• Dax says:

        Dry steam is water gas, wet steam is liquid water suspended as droplets in water gas or air. Wet steam is what you see coming out of a kettle, and dry steam is what you don’t see coming out of a kettle.

    • Paul says:

      Nice and simple idea but I do have some daubt about long time reliability and efficiency.

      Also note that compressed air has been used for ages (Well almost) for starting the engines of ships.

    • dnash1974 says:

      I probably will not, but since weedeaters are cheap, and are considered disposable by most, people just end up giving them too me. Once I get everything just right, I am planning on casting a more durable system, but it will be a long time before I get around to it.

  5. Natalie says:

    clever,
    I did did the same with a 2 cycle lawn boy mower motor and a electric solenoid connected the the spark plug hole. The points controlled the electric valve that controlled the steam. Had to re-grind the cam profile to get right open – closing of the points tho’

  6. Cyberteque says:

    If you want to do this with a 4 stroke engine all you have to do is change the valve timing to 1:1.

    When Herr Otto “invented” his engine he took existing steam tech and modified it.

    I’ve asked a few mechanics and automotive engineers about this.

    Large diesel engines are 2 stroke, with valves.

  7. cgmark says:

    Biggest issue with doing this is that the parts used in combustion engines are designed to handle much higher internal pressures than steam, the result is the parts are much harder to move and you lose a lot of energy in just moving the heavier parts.

  8. mike says:

    instead of the whole valve setup you could just use a rubber hose between the air hose and where you connect it to the engine

  9. kidcrash says:

    oil in a small 2-stroke is an issue, then there is ultimately the boiler which is unsafe with a difficult to regulate wood fire. What is on my list for off grid power is big bone listers on WVO or hit and miss on methane or woodgas. Plenty of HaD fodder in the digester, centrifuge, high amp multiphase charger regulators, permanent magnet generators, alternator fields, starters, heat recycling…

  10. RunnerPack says:

    The valve opened by the piston is technically a “bash valve” not a check valve (although, in a different situation, it would also tend to operate as the latter).

    BTW, this is the same system used in the “Air Hogs” planes/helicopters (before they abandoned air power and became yet another R/C toy maker). There are some interesting videos on YT of people running these small, plastic versions on CO2 (dry ice heated with water). It would be cool (pun intended) to see how long a converted weed-whacker engine would run on a given mass of dry ice. Of course, other sources of CO2 would likely be of interest, as well…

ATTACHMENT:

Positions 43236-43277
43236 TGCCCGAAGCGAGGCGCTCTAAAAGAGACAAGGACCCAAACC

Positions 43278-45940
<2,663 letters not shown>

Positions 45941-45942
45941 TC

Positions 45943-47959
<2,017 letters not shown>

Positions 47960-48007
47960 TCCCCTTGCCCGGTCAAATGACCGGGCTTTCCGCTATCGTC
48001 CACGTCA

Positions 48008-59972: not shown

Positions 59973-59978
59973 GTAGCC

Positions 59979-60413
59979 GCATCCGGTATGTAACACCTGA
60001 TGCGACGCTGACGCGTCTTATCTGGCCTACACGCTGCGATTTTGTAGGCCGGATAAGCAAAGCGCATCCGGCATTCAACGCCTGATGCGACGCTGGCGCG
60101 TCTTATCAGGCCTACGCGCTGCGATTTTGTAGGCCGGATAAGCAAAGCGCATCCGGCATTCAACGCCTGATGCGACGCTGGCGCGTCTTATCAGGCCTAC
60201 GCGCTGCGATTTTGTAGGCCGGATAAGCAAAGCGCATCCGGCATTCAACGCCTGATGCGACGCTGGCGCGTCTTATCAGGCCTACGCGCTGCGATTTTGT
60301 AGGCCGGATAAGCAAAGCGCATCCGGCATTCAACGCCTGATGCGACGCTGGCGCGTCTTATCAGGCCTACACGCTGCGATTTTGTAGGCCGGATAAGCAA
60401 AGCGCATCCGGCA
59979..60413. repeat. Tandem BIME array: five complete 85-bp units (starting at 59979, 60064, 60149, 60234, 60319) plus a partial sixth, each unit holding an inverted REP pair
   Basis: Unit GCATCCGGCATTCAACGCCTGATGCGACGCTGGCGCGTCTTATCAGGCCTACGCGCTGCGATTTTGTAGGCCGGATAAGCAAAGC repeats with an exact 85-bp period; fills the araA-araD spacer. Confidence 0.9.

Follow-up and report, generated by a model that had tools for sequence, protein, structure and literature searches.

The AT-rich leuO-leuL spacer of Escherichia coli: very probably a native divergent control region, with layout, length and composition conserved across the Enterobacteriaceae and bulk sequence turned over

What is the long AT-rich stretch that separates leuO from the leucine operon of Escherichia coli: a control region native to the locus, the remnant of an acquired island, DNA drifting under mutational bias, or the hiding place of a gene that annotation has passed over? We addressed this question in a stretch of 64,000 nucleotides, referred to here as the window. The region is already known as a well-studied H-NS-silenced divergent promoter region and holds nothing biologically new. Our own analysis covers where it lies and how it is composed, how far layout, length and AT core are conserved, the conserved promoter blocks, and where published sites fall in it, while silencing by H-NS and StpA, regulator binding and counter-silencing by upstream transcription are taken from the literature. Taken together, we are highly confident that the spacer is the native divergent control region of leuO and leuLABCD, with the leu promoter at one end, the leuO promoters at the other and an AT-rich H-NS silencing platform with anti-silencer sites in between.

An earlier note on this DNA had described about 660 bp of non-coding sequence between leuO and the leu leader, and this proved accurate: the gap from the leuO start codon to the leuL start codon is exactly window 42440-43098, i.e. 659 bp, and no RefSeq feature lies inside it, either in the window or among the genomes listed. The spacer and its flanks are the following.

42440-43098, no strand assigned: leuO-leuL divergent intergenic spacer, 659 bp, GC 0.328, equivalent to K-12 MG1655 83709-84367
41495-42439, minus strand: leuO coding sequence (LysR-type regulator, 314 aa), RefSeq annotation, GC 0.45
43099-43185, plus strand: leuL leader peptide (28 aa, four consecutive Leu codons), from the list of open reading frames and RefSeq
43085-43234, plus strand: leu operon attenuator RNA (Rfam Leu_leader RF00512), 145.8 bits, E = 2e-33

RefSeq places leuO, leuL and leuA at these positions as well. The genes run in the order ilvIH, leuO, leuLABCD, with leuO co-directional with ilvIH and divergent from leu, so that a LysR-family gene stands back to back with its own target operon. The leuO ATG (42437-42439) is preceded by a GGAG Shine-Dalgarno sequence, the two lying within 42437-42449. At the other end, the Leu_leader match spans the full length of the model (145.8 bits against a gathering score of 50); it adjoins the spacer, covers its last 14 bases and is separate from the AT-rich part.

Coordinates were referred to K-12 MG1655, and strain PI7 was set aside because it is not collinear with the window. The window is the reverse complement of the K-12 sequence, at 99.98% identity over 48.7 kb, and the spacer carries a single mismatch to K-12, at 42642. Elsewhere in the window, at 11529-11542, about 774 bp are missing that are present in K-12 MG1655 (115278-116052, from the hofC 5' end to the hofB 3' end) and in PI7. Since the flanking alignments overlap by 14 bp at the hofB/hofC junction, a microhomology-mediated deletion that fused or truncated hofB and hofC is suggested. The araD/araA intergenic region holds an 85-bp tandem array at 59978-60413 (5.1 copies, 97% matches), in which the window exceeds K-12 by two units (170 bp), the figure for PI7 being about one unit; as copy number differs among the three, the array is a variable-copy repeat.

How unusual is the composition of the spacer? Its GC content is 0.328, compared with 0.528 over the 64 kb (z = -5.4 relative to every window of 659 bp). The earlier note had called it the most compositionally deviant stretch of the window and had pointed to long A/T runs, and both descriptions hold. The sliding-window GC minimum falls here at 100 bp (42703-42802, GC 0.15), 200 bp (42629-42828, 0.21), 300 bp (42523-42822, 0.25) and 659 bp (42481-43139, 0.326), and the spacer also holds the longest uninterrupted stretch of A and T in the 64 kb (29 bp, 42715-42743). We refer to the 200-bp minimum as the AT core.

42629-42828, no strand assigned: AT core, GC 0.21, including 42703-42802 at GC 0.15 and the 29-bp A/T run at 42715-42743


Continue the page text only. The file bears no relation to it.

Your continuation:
11. MrAirBoy says:

    Buddy n i did something like this aaaaaages ago with a 4-stroke bike motor. Its much simpler with a 4 stroke in my opinion… just need to double-up on the lobes of the cam shaft

  12. The Old Coach says:

    Nothing new at all. Model airplane nuts have been using this concept since the 1930s. I have a couple that run on CO2 cartridges.

    Steam will destroy the bottom end of that engine in a couple of heartbeats, too. Not to mention the rings.

  13. wowme@wtf.com says:

    nybbler905
    “The government can’t charge for compressed air in most countries.”

    Yet!

  14. Lucas says:

    Would using ISO 460 oil help, or would that damage the engine?? http://www.southernsteamtrains.com/notes/steam%20oil.htm

  15. bored0987 says:

    This make me want to try and make a aeolipile magna generator., or a gasifier to run a generator..I think they made basic gasifier kits to run cars in Europe during ww2 since gas was rationed..

  16. ben says:

    you know it would work with a 4 stroke engine, just use the built in valves. remove the fuel injectors, seal the holes left behind and have some sort of blow off valves where the spark plugs used to be. to avoid having it compress the steam after it expanding. easy to do with electronic timing if you have a cam shaft sensor.

  17. Arch says:

    Surly the steam or air would be best going in the fuel intake port or valve ? With the timing adjusted maybe.
    Steam power great if you have large supply of fuel to burn cheap of free, as take it that this is the point of this exercise cheaper or free power ?
    As to lubricantion how was the steam engine done, check this out and back engineer into your build.
    Or why not buy a steam engine there’s lots around, and run your generators etc off it.
    That valve on the film is a water none return valve as fitted to basins, baths, and outside taps, just a ball in a cage, you could make one with a bit of pipe, a washer, and ball bearing, mig welder, etc.
    And you can buy all the bits to make a steam engine.
    But great little film.

  18. Mark Gruici says:

    There are videos out there to make a boiler run on solar power. You use an old satellite dish, the big one, and change the punched metal to polished aluminum or stainless steel for the reflector. The focal point is already there and if you get one w/ the motorized sat. changing apparatus installed you can use a GPS to have it track the sun.

  19. So it’s a ready made version of this: http://www.animatedengines.com/co2.html